Han Yong-un

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This is a Korean name; the family name is Han.
Man-hae
Born July 12, 1879
Hongseong
Died May 9, 1944(1944-05-09) (aged 64)
Language Korean
Nationality South Korean
Ethnicity Korean
Citizenship South Korean
Han Yong-un
Korean poet-Han Yong-un-01.jpg
Korean name
Hangul 한용운
Hanja 韓龍雲
Revised Romanization Han Yong-un
McCune–Reischauer Han Yongun
Pen name
Hangul 만해
Hanja 萬海 also 卍海
Revised Romanization Manhae
McCune–Reischauer Manhae
Birth name
Hangul 한유천
Hanja 韓裕天
Revised Romanization Han Yu-cheon
McCune–Reischauer Han Yuch'ŏn
Courtesy name
Hangul 정옥
Hanja 貞玉
Revised Romanization Jeongok
McCune–Reischauer Chŏngok
Dharma name
Hangul 한봉완
Hanja 奉玩
Revised Romanization Bongwan
McCune–Reischauer Pongwan

Manhae (만해, July 12, 1879 – May 9, 1944) was a twentieth century Korean Buddhist reformer and poet.[1] Manhae was his pen name; his birth name was Han Yu-cheon, but he is universally known by the name he was given by his meditation instructor in 1905, Han Yong-un (Korean: 한용운)

Life[edit]

Manhae was born Yucheon in Chungcheongnam-do, Hongseong on July 12, 1879. He was later given the Buddhist name Manhae. During his childhood, he studied Chinese classics in Seodang, a popular elementary school during the Joseon Dynasty. Prior to being ordained, he was involved in resistance to Japanese influence in the country, which culminated in the Japanese occupation from 1905 to 1945.[2] He lived in seclusion at Ose-am in the Baekdam Temple (Baekdamsa) from 1896. During this period, he studied Buddhist sacred texts and several books of modern philosophy. In 1905 he received the robes of an order of monks at Baekdam Temple (Baekdamsa). In 1908, he went to Japan and visited several temples and studied Buddhism and Eastern philosophy in Jodongjongdaehaglim for six months.[3] In 1919 he was one of the patriot signatories to the 1919 Declaration of Independence.[4]

Work[edit]

As a social writer, Manhae called for the reform of Korean Buddhism.

Manhae's poetry dealt with both nationalism and sexual love. One of his more political collections was Nimui Chimmuk (님의 침묵), published in 1926. These works revolve around the ideas of equality and freedom, and helped inspire the tendencies toward passive resistance and non-violence in the Korean independence movement.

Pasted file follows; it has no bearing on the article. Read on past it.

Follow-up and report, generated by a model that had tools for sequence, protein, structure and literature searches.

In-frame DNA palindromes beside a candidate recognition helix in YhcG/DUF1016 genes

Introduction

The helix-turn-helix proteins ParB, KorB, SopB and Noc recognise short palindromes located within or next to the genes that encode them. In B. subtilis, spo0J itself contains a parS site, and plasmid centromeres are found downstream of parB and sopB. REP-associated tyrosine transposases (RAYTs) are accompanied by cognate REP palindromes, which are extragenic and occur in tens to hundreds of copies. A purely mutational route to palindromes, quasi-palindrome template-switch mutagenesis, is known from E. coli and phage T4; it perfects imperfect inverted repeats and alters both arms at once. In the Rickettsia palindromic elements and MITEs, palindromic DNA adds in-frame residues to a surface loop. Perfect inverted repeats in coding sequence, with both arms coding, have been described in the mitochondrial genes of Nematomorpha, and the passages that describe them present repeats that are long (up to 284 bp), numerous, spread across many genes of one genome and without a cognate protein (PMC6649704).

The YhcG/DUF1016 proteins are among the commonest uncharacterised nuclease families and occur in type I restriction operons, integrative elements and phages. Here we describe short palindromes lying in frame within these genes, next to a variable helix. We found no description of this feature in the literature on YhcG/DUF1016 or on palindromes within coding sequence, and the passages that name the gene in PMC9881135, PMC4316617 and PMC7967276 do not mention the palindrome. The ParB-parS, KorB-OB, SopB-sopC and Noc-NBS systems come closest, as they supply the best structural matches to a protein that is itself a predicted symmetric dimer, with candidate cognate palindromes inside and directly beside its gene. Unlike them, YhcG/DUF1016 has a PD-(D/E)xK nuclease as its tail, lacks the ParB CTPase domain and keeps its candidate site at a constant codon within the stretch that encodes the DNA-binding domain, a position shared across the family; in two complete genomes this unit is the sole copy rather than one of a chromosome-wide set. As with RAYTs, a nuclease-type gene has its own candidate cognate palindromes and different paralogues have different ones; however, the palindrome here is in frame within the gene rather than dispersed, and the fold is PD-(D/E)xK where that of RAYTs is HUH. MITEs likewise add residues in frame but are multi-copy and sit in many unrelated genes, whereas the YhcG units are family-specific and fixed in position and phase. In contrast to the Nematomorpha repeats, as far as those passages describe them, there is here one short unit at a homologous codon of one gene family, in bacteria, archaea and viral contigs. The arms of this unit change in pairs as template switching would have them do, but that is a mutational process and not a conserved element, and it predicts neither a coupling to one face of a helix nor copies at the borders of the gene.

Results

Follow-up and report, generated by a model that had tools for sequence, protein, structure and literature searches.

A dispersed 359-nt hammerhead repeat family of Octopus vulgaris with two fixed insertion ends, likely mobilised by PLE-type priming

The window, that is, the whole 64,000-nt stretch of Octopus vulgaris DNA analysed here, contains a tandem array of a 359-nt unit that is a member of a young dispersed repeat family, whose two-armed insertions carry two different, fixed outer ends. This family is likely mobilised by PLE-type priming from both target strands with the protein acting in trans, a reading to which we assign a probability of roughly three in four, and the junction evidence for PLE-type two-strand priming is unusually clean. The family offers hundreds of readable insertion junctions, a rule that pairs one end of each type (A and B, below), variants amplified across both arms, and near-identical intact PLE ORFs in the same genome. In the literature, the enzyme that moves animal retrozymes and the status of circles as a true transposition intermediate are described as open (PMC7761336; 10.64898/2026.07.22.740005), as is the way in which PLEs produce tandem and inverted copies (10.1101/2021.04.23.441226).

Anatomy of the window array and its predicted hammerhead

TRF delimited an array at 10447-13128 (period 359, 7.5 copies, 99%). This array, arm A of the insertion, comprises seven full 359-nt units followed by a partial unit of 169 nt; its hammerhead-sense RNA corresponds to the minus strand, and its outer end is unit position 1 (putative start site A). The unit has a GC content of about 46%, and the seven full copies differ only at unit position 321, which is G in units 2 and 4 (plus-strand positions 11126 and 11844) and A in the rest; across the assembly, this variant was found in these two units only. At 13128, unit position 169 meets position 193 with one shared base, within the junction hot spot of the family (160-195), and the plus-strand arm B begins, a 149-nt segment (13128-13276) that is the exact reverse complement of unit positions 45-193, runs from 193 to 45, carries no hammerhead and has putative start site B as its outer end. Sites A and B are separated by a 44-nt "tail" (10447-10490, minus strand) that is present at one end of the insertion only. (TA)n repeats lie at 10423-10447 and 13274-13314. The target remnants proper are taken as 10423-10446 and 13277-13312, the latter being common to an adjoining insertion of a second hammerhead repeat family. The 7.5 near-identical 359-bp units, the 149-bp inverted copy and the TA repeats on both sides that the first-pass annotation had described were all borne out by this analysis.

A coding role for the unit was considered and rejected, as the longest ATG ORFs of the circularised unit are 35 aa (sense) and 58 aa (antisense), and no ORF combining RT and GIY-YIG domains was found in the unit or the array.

In 1913, Han Yongun published Restoration for Joseon's Buddhism (Joseonbulgyo-yusimlon), which criticized the anachronist isolationist policy of Joseon Buddhism and its incongruence with the then contemporary reality. The work sent tremors through the intellectual world. In this work, the author promulgated the principle of equality, self-discovery, the potential for Buddhism for safeguarding the world, and progress. His developments as an activist and thinker resulted from his adherence to these very principles.[5]

In 1918, Han published Whole Mind (Yusim), a work that aimed to enlighten the youth. In the following year, he played an important role in the 3.1. Independence movement with Chae Lin, and he was later taken imprisoned for his involvement, and served a three-year sentence. During his imprisonment, Han composed “Reason of Joseon's Independence” (Joseondoglib-i-yuseo) as a response to prosecutors’ investigation into his political engagement. He was later acquitted in 1922, at which time he began a nationwide lecture tour. The purpose of the tour was to engage and inspire youth, an objective first established in Han’s Whole Mind (Yusim). In 1924, he became the chair for the Buddhism youth assembly. In 1926, Han published a collection of poems entitled Silence of My Beloved (Nim-ui Chimmuk), which had been written at Baegdam Temple (Baekdamsa,) in the previous year. This book garnered much attention from literary critics and intellectuals at the time. Despite his many other publications, from Chinese poems and Sijos and the poems including in Whole Mind (Yusim), to novels such as Dark Wind (Heukpung), Regret (Huhoe), Misfortune (Park Myeong), Silence of My Beloved (Nim-ui Chimmuk) remains the poet’s most significant and enduring literary achievement.[5]

Works in Translation[edit]

  • The Silence of Lord (님의 침묵)
  • Contemporary Korean Poetry (한국현대시선집)
  • Looking for the Cow (한국현대시선)

External links[edit]

References[edit]

  1. ^ "Han Yong-un " LTI Korea Datasheet available at LTI Korea Library or online at: http://klti.or.kr/ke_04_03_011.do#
  2. ^ Lee, Kyung-ho (1996). "Han Yong-un". Who's Who in Korean Literature. Seoul: Hollym. p. 137. ISBN 1-56591-066-4. 
  3. ^ "Han Yong-un" LTI Korea Datasheet available at LTI Korea Library or online at: http://klti.or.kr/ke_04_03_011.do#
  4. ^ "Han Yong’un". http://www.koreanlitinfo.com/han-yongun/. Korean Literature. Retrieved 20 November 2013. 
  5. ^ a b Source-attribution|"Han Yong-un" LTI Korea Datasheet available at LTI Korea Library or online at: http://klti.or.kr/ke_04_03_011.do#